Realtors to FHA: Your Mortgage Insurance Rates Drive Buyers Away
The Federal Housing Administration’s (FHA) mortgage insurance requirement is facing criticism from real estate professionals who argue that home purchases are becoming increasingly out of reach for many qualified borrowers who rely on FHA financing but are hindered by mortgage insurance rules. Steve Brown, president of the NATIONAL ASSOCIATION OF REALTORS® (NAR), called on the FHA to relax its mortgage insurance rules due to concerns about high annual mortgage insurance premiums and mortgage insurance required for the life of a loan.
Making sense of the story:
• NAR posits as many as 125,000 to 375,000 prospective buyers were priced out of the market in 2013 by the FHA’s high insurance premiums and mortgage insurance requirement.
• In 2014, FHA fees make up nearly 25 percent of a monthly mortgage payment.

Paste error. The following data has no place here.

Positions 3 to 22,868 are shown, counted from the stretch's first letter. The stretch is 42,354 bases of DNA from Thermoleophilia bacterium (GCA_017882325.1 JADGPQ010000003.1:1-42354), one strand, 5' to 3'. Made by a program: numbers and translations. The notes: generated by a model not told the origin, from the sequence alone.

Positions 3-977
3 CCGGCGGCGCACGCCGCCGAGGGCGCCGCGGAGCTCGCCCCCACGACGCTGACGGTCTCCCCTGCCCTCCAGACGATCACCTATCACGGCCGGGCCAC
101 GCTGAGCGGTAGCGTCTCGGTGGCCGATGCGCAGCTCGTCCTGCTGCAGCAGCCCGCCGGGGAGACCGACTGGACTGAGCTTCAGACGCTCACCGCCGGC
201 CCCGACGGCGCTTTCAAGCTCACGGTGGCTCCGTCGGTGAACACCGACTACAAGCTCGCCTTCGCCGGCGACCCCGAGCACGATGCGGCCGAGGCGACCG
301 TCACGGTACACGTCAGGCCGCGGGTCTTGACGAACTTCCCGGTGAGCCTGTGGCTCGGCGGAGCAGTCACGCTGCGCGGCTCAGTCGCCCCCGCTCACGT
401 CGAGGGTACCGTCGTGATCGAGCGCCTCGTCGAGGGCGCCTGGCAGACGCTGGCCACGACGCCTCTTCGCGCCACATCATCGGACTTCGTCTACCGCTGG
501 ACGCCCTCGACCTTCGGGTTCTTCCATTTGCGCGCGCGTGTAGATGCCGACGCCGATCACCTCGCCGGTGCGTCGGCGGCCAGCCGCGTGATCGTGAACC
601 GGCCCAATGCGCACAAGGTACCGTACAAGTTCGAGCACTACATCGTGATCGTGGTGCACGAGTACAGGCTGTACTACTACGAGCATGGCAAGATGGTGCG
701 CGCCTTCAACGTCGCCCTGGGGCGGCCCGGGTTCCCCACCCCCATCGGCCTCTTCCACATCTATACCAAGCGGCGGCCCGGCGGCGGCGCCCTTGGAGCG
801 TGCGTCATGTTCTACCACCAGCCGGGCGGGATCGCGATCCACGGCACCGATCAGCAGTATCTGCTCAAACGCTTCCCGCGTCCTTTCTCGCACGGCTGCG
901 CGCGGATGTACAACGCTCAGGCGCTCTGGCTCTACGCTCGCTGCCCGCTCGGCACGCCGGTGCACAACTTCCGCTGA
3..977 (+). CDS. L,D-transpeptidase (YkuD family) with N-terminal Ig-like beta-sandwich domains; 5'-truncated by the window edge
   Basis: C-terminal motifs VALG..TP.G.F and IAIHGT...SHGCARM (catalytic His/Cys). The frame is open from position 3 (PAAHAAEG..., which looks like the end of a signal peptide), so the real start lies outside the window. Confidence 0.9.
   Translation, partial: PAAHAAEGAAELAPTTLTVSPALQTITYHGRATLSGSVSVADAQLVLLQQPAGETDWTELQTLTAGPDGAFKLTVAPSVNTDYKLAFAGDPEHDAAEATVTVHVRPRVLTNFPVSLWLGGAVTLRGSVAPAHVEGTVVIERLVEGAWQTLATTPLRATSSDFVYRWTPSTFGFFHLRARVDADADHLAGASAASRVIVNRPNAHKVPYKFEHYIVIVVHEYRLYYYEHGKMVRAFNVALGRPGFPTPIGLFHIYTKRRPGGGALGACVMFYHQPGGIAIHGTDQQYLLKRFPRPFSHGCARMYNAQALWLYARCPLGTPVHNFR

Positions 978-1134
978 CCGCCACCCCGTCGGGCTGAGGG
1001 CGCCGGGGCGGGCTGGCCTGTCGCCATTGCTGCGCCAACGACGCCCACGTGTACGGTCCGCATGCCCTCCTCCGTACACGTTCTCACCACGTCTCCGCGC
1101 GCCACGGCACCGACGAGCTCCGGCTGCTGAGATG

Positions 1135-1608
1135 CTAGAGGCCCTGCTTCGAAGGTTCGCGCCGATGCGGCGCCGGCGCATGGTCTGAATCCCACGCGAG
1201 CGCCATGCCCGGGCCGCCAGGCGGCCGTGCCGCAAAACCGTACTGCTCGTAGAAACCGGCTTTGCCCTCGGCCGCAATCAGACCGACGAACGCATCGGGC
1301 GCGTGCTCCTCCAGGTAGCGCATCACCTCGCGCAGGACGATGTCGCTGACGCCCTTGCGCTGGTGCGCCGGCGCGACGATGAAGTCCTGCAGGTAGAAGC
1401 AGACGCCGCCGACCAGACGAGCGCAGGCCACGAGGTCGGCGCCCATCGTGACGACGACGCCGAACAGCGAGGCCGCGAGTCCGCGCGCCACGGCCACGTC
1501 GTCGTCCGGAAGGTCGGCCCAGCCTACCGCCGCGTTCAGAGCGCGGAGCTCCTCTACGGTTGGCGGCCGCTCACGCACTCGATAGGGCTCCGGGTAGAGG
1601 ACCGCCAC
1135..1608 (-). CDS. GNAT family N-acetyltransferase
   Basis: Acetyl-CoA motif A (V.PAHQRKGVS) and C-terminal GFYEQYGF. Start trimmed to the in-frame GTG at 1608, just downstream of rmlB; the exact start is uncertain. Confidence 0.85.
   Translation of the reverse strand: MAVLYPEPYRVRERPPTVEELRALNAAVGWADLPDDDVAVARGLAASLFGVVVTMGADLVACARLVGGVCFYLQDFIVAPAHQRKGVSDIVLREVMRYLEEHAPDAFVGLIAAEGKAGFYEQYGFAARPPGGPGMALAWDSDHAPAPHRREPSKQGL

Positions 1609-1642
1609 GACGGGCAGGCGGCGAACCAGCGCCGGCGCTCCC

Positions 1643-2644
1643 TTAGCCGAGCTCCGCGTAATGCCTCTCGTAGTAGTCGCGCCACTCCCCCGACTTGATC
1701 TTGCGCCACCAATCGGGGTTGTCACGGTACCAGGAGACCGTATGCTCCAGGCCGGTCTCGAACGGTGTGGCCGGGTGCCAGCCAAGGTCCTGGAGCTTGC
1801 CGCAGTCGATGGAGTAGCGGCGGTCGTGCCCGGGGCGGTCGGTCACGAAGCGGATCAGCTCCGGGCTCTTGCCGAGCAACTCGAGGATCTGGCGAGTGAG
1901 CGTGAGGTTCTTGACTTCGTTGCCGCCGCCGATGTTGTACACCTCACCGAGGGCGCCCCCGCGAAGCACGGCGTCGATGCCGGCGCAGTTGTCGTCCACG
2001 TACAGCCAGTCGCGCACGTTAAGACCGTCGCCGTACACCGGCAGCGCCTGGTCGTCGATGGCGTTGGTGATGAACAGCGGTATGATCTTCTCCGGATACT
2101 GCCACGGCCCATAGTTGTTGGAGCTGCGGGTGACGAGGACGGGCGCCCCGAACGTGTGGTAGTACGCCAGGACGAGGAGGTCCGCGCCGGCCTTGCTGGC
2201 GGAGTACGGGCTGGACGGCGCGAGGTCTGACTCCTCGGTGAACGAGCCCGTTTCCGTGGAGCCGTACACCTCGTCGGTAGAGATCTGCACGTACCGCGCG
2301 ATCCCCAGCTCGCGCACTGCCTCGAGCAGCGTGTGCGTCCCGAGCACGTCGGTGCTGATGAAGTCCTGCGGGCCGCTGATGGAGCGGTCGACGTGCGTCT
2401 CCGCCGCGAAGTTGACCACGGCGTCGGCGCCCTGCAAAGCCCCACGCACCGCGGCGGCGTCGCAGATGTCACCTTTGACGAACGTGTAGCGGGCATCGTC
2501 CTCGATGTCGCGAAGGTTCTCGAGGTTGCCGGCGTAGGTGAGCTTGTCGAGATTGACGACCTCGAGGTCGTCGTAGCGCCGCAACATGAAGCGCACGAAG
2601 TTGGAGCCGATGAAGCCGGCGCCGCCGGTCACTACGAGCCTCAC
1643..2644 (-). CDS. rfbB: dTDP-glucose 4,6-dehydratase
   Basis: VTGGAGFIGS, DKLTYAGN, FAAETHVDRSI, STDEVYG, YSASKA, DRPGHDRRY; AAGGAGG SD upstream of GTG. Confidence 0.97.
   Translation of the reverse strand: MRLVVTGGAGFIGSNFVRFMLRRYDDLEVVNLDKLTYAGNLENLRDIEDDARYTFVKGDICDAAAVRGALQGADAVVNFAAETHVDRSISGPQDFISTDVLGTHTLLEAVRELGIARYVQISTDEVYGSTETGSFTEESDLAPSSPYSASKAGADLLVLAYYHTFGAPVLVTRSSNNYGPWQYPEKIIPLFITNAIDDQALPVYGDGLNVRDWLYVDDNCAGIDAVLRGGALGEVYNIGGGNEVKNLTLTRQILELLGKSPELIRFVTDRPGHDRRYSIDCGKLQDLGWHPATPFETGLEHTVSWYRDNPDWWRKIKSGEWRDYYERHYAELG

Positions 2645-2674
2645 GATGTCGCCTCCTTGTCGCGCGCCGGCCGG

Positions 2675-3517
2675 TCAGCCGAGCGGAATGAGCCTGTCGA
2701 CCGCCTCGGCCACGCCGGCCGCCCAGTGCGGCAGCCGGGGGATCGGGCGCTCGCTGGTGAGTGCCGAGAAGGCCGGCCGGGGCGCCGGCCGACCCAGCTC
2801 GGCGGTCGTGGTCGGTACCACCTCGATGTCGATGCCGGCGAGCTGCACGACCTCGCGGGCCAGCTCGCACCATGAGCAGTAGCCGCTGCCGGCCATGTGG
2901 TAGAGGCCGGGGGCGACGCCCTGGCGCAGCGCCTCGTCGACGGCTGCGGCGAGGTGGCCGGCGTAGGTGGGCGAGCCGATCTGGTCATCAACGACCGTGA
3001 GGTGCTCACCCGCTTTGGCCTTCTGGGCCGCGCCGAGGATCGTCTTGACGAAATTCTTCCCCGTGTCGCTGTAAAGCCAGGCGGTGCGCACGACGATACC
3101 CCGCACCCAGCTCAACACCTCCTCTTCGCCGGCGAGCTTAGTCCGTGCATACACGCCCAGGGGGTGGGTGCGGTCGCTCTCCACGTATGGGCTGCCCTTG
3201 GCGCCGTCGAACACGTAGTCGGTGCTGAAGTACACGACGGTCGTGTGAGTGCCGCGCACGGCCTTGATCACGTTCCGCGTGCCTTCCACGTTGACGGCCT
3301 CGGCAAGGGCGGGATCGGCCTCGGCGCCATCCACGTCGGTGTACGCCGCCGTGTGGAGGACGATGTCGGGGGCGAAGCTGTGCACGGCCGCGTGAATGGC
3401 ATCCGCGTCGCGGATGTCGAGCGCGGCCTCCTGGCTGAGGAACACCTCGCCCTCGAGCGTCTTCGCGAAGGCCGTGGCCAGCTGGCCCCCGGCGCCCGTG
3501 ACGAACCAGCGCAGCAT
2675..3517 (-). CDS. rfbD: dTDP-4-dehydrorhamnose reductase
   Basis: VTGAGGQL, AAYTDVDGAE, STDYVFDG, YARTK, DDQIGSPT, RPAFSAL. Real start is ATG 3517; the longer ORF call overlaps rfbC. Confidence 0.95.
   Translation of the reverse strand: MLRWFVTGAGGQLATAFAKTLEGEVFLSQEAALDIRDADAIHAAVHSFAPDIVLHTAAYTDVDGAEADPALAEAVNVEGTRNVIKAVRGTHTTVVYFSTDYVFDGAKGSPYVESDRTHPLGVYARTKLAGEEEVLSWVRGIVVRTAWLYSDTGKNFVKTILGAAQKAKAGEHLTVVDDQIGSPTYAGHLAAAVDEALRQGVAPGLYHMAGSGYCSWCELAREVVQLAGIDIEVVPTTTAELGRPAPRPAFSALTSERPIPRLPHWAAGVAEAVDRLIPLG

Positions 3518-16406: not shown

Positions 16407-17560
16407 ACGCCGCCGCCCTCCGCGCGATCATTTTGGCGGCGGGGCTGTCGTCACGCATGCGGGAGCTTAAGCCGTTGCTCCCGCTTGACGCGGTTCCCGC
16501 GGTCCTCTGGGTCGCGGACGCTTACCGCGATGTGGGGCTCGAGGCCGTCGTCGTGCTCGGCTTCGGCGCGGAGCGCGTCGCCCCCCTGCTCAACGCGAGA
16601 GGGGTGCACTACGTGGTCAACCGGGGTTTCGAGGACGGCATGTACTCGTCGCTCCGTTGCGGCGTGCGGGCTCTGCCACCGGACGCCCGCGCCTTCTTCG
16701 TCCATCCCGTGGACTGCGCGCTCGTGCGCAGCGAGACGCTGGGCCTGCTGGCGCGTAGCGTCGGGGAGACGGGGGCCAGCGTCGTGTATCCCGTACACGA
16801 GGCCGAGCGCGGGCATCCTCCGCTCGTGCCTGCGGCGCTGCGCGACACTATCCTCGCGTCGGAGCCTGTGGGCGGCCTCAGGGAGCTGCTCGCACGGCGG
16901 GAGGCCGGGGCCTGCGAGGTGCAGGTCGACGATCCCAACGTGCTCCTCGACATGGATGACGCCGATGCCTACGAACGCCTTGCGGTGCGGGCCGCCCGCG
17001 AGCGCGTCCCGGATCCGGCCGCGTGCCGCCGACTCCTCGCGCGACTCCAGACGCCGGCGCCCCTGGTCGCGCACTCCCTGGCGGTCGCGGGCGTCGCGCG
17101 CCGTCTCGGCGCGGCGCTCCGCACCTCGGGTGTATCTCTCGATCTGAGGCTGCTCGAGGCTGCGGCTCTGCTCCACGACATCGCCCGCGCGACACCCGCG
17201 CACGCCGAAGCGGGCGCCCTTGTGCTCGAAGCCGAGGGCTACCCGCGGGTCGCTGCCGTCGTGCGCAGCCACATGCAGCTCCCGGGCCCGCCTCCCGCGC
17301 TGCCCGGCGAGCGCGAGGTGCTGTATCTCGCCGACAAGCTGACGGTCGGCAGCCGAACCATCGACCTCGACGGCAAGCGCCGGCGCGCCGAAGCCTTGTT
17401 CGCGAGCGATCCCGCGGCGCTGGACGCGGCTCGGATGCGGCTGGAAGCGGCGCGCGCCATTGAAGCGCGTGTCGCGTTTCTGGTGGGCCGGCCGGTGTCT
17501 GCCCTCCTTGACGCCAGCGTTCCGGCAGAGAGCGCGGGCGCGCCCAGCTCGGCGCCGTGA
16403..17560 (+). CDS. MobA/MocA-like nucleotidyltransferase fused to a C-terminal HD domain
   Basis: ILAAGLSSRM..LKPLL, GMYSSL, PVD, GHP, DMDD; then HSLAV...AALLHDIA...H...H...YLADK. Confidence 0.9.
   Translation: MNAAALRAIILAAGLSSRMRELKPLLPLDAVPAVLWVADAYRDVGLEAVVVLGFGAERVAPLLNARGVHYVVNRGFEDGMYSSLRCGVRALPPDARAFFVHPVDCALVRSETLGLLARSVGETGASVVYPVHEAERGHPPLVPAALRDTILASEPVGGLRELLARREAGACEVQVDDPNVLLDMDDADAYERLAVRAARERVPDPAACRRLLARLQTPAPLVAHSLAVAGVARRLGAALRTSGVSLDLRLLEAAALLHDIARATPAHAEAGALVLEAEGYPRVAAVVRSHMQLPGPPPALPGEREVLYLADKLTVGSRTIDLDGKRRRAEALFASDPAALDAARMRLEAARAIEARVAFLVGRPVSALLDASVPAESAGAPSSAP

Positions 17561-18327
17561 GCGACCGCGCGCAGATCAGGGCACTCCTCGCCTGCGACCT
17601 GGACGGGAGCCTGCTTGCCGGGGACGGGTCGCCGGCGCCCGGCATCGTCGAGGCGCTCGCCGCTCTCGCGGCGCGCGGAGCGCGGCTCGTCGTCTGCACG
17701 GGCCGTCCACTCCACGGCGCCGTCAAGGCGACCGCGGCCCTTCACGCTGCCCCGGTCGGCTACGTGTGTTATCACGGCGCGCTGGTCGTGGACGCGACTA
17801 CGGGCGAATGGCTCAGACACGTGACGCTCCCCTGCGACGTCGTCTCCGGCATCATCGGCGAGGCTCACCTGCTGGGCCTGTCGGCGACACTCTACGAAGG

• On a $150,000 loan, at 4.5 percent, the mortgage payment is 13 percent higher today than it was in 2008.
• In 2014, the mortgage insurance premium of 1.35 percent is 80 basis points higher than the rate of 0.55 percent in 2010. The 80 additional basis points pushed an estimated 1.45 million to 1.65 million renters over a sustainable debt-to-income level for the purchase of a home in 2013.
• Many first-time home buyers, who are priced out of FHA and unable to migrate to private mortgage insurance, are likely under the age of 44. Since 2008, income growth has been slowest among Millennials, ages 33 and younger, and Generation Xers, ages 34-44.
• Many of the potential home buyers who are priced out of FHA cannot migrate to private mortgage insurance. Combined with the higher funding cost of roughly 25 basis points for a GSE execution, only borrowers with the highest credit could afford to migrate to GSE financing.